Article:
Thanksgiving thoughts

Anyone could be forgiven for not feeling overwhelmed with thanksgiving as the holiday with that name approaches.

With traffic, airline problems and $3-per-gallon gas fill ups, traveling over the river and through the woods to grandma's home is no longer likely to inspire song.

Like others in New England, Andover residents are facing a winter during which it's going to cost much more to stay warm as heating costs soar. Those bills are just the beginning. With the dollar crashing and health-care costs soaring, more bills are on the way. There could even be another push for a general override just to maintain town services. On a national level, we remain at war and threatened by terrorists.

And yet | and yet | all it takes is a look around | at other countries, at other communities, or even beyond just our own neighborhoods, to see that the majority of us remain among the world's most blessed.

We are not completely secure, but we are more secure than most, to the point that we take it for granted. It costs us more to travel, but we remain free to do so. We will have plenty | in many cases too much | to eat this week and weekend. We will relax with family, walk or run the Feaster Five, watch Andover High football or our first-place Celtics and historically brilliant Patriots, rather than worry about our immediate survival.

We are indeed fortunate, and should use some of the free time we have this week to reflect on the fact that, even in tight times, we have more than enough to share with others for whom the price spikes of the recent past and the immediate future, and are much more than an irritant. Indeed, for some of our neighbors, they lead to agonizing choices about which bill to pay and which to put off.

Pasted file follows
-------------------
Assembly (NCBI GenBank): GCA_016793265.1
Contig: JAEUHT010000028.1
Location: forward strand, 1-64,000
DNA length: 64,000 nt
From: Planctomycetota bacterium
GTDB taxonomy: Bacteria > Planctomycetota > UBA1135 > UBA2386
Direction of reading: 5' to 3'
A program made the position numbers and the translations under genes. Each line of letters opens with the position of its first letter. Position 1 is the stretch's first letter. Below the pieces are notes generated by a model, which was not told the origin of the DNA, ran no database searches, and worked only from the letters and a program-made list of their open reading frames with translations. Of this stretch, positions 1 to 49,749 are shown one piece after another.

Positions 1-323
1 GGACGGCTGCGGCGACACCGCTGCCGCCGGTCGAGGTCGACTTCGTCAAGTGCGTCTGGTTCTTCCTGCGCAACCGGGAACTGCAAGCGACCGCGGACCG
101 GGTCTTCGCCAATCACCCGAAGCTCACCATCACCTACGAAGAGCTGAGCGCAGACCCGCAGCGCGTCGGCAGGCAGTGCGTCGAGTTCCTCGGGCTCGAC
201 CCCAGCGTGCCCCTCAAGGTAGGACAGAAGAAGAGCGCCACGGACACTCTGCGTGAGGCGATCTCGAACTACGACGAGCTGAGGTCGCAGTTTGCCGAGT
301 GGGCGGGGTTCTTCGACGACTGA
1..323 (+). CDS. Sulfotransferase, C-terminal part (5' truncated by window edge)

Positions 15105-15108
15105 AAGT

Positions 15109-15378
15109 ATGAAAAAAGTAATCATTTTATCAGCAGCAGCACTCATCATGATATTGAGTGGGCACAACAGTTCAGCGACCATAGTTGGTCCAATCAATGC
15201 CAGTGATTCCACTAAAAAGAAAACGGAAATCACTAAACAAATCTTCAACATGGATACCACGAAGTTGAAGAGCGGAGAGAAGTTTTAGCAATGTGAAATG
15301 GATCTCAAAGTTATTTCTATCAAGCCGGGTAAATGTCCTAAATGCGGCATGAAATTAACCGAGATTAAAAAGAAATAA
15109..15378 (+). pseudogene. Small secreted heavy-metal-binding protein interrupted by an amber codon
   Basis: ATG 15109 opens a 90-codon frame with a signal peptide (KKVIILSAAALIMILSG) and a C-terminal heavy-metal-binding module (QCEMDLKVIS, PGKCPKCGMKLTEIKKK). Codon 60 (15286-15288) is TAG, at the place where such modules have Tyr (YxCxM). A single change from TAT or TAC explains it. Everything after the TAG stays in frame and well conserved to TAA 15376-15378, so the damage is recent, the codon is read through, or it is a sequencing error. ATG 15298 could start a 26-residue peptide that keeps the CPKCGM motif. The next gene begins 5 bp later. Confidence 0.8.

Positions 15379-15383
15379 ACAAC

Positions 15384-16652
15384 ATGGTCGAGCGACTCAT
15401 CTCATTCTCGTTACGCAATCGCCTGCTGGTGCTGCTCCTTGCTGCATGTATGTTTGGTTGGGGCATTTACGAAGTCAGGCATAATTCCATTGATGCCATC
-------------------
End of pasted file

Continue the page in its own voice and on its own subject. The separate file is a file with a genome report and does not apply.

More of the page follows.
The holiday season is a time for family, both immediate and extended. Take the time this week to look for ways to show that thanksgiving is best celebrated by sharing.

An opportunity close by

The Greater Lawrence Technical School is in Andover, but each year only a handful of Andover students attend it.

While some students would be better off pursuing a lucrative career as a carpenter or chef rather than as yet another average liberal arts major, few Andover students head to the River Road High School to learn a trade. There is a stigma attached to the school with some in town, and few parents or youth here seem willing to explore the school's offerings.

However, the school's four-year-old biotechnology program is another sign that it is preparing students to enter either college or growing career fields with high-paying jobs. This week, as the governor speaks about the importance of putting and keeping Massachusetts at the forefront of this life-sciences field, it is as clear as ever that the tech school is a great alternative for some youth | including some of those with Andover addresses.

This Week's Circulars

Recommended for you